Induction Category & YearGeneral 2012
Home TownSioux Falls, SD
BirthFebruary 24th, 1931
Wood, SD

   James Abourezk
Champion of Excellence


            James G. Abourezk was born in his parents’ home in Wood,

South Dakota, in 1931.  He was the youngest child of Charles T. and Lena Mickel Abourezk, immigrants from a small farming village in Lebanon.  His father, Charles, immigrated to South Dakota in 1898, working as a pack peddler until he

was able to eventually open a general merchandise store in Wood in 1912.<o:p></o:p>

            He had returned to Lebanon (then Syria) in 1907, married Lena Mickel, where two children were born of the marriage— Helen and Charles, Jr. He returned to South Dakota in 1912, telling his new family he would send for them when he was financially able to do so.  Because World War I intervened, and because that part of the Middle East was a central part of the alliance between Germany and Turkey, Lena and the two children, accompanied by her brother, John Mickel, were unable to come to South Dakota until 1920.  It was that year that Charles opened his second general store in Mission, South Dakota, and marked the births of his brother, Tom, sister, Virginia, and Jim as the youngest in the family.<o:p></o:p>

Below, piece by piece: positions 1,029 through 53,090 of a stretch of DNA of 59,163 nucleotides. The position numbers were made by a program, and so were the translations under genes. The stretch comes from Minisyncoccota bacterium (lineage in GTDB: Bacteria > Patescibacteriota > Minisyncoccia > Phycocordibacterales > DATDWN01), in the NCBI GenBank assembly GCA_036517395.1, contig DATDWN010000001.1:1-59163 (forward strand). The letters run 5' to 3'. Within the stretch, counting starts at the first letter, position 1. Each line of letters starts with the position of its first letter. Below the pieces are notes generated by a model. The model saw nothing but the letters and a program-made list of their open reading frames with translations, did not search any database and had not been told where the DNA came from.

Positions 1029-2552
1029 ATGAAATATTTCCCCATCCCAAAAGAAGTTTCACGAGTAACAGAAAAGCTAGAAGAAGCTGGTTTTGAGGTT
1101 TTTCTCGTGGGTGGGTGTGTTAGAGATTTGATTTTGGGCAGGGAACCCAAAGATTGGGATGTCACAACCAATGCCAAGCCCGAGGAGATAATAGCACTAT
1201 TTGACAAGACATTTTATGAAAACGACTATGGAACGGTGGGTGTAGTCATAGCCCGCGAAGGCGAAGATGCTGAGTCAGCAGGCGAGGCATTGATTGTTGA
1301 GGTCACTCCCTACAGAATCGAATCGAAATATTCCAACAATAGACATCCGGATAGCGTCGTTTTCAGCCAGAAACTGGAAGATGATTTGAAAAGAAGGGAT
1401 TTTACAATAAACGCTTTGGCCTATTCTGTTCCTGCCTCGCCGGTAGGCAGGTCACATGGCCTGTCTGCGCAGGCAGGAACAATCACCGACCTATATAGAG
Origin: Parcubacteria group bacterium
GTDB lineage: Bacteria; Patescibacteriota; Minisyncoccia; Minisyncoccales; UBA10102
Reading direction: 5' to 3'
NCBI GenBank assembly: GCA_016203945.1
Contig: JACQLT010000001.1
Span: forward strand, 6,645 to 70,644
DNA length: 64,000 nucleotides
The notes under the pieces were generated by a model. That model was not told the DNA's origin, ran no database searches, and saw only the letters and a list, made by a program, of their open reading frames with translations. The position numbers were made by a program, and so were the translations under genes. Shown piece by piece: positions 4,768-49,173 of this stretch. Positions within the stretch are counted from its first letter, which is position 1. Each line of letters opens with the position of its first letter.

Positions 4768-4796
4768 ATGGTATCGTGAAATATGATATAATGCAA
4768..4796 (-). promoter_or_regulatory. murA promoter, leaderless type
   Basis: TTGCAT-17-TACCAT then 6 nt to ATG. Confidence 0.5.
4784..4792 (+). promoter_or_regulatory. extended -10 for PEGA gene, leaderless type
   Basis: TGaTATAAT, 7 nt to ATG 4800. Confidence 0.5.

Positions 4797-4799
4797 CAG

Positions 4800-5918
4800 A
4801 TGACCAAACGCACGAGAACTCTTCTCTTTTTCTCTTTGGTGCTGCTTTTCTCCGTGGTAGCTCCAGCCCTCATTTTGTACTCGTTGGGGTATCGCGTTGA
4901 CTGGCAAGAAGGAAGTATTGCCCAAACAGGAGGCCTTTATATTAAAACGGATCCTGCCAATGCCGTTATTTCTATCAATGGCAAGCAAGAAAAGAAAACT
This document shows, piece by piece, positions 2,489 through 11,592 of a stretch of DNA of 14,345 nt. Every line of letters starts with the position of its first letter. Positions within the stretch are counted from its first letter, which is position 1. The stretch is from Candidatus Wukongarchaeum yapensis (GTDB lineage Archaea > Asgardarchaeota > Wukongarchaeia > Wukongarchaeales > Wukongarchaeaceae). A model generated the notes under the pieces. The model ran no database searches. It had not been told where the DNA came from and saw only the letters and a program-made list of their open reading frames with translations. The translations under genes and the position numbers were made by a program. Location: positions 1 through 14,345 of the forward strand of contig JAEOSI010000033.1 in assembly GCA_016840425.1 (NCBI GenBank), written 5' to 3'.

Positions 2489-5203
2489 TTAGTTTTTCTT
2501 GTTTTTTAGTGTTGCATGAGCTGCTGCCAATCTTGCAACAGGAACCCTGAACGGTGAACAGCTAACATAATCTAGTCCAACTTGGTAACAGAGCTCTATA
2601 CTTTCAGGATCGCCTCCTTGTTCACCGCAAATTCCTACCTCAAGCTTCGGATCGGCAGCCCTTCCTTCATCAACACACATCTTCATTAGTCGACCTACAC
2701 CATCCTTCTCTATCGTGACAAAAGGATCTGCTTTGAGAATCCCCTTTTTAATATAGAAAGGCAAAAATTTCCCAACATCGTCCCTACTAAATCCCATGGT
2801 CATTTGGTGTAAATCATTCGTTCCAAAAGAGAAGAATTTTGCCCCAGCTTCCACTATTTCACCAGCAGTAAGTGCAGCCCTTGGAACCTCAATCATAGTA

Jim grew up and attended schools both in Wood and in Mission, bouncing back and forth between parents during WWII when Charlie ran the Mission store and Lena ran the store in Wood.  His older brothers all served in the military during WWII—Charles, Jr. (Chick) fought in the Battle of the Bulge, brother Tom enlisted in the Marine Corps, becoming fighter ace Pappy Boyington’s ground crew chief, and his adopted brother, Albert was an infantryman in the Pacific campaign.  <o:p></o:p>

When he turned 14 Jim worked summers, first on Joe Assman’s farm near Mission and Ed Assman’s farm near Winner, where he met his first wife, Mary Ann.  He served 4 years in the U.S. Navy and upon his return to South Dakota, he and Mary Ann married.  They bore three children—Charlie, Nikki, and Paul.  After working at various jobs—as a rancher, bartender, car salesman, and wholesale grocery salesman, Jim and his family moved to Rapid City where he entered the South Dakota School of Mines, earning a degree in Civil Engineering.<o:p></o:p>

            Jim worked as a civil engineer, first in California, then in South Dakota, working on the Minutemen Missile silos in Western South Dakota.  He went to Law School in Vermillion in 1963, and graduated cum laude in 1966.  He began his law career working as a lawyer for Frank Henderson in Rapid City, later opening his own law office and practicing solo in Rapid City.<o:p></o:p>

            In 1968, Jim became a candidate for South Dakota’s Attorney General, losing the race to Gordon Mydland.  But his interest in politics did not vanish with that loss.  In 1970, he ran for the Second District U.S. House of Representatives seat covering western South Dakota, which he won by less than two percent, the first Democrat to win that seat since the FDR landslides in the 1930s.   In 1972, he ran for the U.S. Senate seat then held by an ailing and longtime Senator Karl Mundt, winning by a margin of 57%.  He was known in the Senate as a champion of people who are either unrepresented or underrepresented, groups such as small farmers, consumers, and American Indians.<o:p></o:p>